Bailey boost for ‘hot’ Bhoyrul
Sunday Express media correspondent ‘Frank Bailey’ reached dazzling new heights of audacity this week in his story about showbiz hack Matthew Wright’s new radio show on LBC.
“The show has been given a boost by the revelation that former City Slicker Anil Bhoyrul will be joining Wright for the next month,” gushed ‘Bailey’ before adding a quote from an unnamed source.
“Bhoyrul is one of the hottest talents on radio. It’s a real coup.”
‘Frank Bailey’, of course, doesn’t actually exist.
He’s the nom de plume of that fearless scoop merchant and, er, hot radio talent…Anil Bhoyrul.
I’m not broken…just yet!
In last Sunday’s Observer, BBC presenter Jeremy Vine was one of the media types asked to name the song that had influenced him most.
He chose Lipstick Vogue by Elvis Costello from which he picked out the line: “You wanna throw me away, well I’m not broken…”
Funny, that’s just what Vine’s Radio 2 predecessor Jimmy Young was saying when he was given the boot from the station.
Don confused by doc’s deaf interest
Freelance Andrew Don wrote a piece for Press Gazette last year about deaf journalists and the problems they face going about their work. As part of his research, he posted some questions to a number of internet bulletin boards and was somewhat taken aback to find the following response pop into his inbox recently.
Hello, I looking for good deaf lady as my life partner… I can hear… I’m normal man… I love deaf word. I want to help deaf world so I wish to meet deaf lady… kindly help me for the same.
Dr Emmanuel PATRAS Ph D
“The mind boggles as to why he wants a deaf wife,” says Don. “Perhaps he talks too much crap.”
‘Doorstepping’ isn’t what it used to be
That august body, the Scottish Rugby Union, has decreed that ‘doorstepping’ is an acceptable part of the journalistic trade and should be given succour.
Prior to a major disciplinary meeting at the SRU’s stadium, Murrayfield, a press release was issued to the media.
It read: “A number of media have indicated their intention to ‘doorstep’ the meeting. Should that be your intention, you may park your car via Gate B and either wait in the car park or in the press conference room in the tunnel where there will be tea and coffee available from 7pm.”
Let’s hope such progressive thinking multiplies forth.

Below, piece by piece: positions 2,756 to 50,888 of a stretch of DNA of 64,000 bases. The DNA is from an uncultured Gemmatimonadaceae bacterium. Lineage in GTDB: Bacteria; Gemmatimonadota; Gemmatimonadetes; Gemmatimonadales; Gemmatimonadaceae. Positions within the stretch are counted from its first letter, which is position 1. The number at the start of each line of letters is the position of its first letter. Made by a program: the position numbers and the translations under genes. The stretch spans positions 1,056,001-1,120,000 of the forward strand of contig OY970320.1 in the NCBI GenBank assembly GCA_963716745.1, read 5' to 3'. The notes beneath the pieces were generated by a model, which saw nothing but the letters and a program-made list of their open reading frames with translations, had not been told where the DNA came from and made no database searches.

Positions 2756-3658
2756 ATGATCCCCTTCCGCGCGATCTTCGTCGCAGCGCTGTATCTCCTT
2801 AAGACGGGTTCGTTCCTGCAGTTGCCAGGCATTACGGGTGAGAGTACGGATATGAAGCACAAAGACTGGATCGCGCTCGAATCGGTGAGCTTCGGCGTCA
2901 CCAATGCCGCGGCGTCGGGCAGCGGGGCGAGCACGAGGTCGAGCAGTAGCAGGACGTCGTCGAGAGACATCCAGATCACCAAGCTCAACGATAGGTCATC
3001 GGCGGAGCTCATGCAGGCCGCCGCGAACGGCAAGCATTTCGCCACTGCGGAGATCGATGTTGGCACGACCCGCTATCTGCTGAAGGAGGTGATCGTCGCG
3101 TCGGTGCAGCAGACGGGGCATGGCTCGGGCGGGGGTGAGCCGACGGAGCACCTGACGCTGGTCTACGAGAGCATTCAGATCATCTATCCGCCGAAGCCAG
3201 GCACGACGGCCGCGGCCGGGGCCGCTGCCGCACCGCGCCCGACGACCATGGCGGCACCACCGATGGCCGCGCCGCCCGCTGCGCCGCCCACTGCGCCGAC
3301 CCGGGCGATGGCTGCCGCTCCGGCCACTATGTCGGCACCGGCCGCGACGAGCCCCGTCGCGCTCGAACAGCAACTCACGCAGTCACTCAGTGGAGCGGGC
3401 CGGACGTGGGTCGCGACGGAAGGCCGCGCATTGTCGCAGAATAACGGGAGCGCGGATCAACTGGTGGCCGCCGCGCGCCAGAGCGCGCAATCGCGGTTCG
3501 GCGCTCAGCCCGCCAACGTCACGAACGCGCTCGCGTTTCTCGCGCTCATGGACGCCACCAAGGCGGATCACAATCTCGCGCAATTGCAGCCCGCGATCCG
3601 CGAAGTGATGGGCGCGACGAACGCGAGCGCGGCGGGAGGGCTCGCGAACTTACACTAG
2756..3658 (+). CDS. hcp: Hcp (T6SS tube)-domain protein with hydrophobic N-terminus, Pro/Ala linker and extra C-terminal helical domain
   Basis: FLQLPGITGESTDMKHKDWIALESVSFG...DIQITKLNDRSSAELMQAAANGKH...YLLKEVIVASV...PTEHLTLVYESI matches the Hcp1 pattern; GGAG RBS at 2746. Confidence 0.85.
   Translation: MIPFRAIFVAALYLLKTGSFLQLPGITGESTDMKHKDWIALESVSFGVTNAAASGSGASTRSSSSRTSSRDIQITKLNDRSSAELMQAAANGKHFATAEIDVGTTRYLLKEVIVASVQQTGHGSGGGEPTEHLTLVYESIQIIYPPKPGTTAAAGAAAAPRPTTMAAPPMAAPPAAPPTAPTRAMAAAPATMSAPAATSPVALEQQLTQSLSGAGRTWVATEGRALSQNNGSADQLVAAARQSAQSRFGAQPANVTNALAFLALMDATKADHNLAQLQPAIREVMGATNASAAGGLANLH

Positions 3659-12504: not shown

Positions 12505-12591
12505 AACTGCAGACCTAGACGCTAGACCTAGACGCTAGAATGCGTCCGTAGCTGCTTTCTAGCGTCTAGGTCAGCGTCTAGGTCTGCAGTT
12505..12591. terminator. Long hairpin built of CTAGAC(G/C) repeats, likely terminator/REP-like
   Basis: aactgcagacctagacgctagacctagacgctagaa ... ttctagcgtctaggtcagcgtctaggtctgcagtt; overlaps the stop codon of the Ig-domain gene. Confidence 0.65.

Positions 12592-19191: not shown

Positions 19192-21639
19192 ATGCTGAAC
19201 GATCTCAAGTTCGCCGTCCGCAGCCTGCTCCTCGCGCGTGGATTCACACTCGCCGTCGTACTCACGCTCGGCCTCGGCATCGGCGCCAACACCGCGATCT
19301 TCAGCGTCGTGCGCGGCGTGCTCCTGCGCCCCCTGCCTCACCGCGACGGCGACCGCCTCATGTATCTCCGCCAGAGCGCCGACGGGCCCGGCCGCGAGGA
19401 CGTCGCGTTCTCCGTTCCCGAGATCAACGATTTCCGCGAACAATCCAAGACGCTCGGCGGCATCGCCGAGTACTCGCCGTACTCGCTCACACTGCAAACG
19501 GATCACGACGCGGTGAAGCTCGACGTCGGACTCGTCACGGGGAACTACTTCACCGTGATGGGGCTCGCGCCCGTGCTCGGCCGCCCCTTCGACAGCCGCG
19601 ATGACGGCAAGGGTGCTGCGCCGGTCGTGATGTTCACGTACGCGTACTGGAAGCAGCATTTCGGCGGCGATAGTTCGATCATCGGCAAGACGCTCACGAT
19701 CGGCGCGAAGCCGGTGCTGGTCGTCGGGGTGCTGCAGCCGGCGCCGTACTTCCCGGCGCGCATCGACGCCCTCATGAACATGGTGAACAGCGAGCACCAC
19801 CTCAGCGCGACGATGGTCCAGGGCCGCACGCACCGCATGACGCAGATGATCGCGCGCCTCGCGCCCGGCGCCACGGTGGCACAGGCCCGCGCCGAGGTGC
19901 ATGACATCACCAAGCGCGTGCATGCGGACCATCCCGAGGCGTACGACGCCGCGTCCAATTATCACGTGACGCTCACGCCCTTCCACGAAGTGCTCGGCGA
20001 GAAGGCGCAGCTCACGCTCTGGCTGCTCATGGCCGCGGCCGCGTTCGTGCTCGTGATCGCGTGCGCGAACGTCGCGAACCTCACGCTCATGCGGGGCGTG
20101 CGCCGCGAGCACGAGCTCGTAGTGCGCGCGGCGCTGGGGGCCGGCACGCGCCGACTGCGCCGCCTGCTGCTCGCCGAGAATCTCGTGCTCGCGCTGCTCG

Famous five relive the good old days
It is surely not often that five journalists with 170 years’ experience working for the same newspaper meet in one room. But there they were in the Cittie of York pub, High Holborn – five past-and-present London journalists for Glasgow’s The Herald meeting for a belated festive drink with industry correspondent Roy Rogers.
The former inmates were City editors Chris Stone (1972 to 1997) and Christopher Sims (1971 to 2002), as well as London editor William Russell (1959 to 2000). Rogers (1977 to present) and deputy London editor James McKillop (1966 to present), made up the quintet.
The five were joined by the Herald’s current City team, Christopher Hope and Karl West, who have just two years’ experience at The Herald between them. “We felt a bit crushed by all that history,” admitted Hope.
Interview certainly is a one-woman job
It can be tricky getting hold of interview subjects over the holiday period – so full marks to the Skegness Standard’s Becky Gunn, who was evidently short of someone to fill in her regular questionnaire, Becky’s Burning Questions. Unperturbed, the chief reporter found a simple solution. She answered the questions herself.
And she was brave enough to answer the question “What is your dream job?” with the response “Editor of the Skegness Standard”.
Dog has a word to the wise, Becky. Such naked ambition rarely gets rewarded.
A heartwarming sign of the times at last week’s Oxford media convention. The first two questions from the floor happened to be asked by women. Having fielded them, Matthew Taylor, director of the Institute of Public Policy and Research, chipped in: “Are there any men in here who want to ask a question?” Another woman’s hand went up and pointed out that no one had asked for female contributors to come forward when the grey suits held the floor. Shame on you, Mr Taylor.
Whitbread’s invitation to the whole of Surrey
Here’s one from the ‘you can guess what happened next’ files. John Whitbread’s post-Christmas knees-up has become a bit of a fixture on the calendar for his colleagues at the Surrey Herald, where he’s sports editor. This year, to make things slightly more formal, he left invitations on desks around the newsroom for the party – The Hot & Beany Night – at his house on 9 January.
One of the invites was picked up by an, er, enterprising freelance sub who didn’t quite realise what it was… and who just happened to be putting together the paper’s listings page.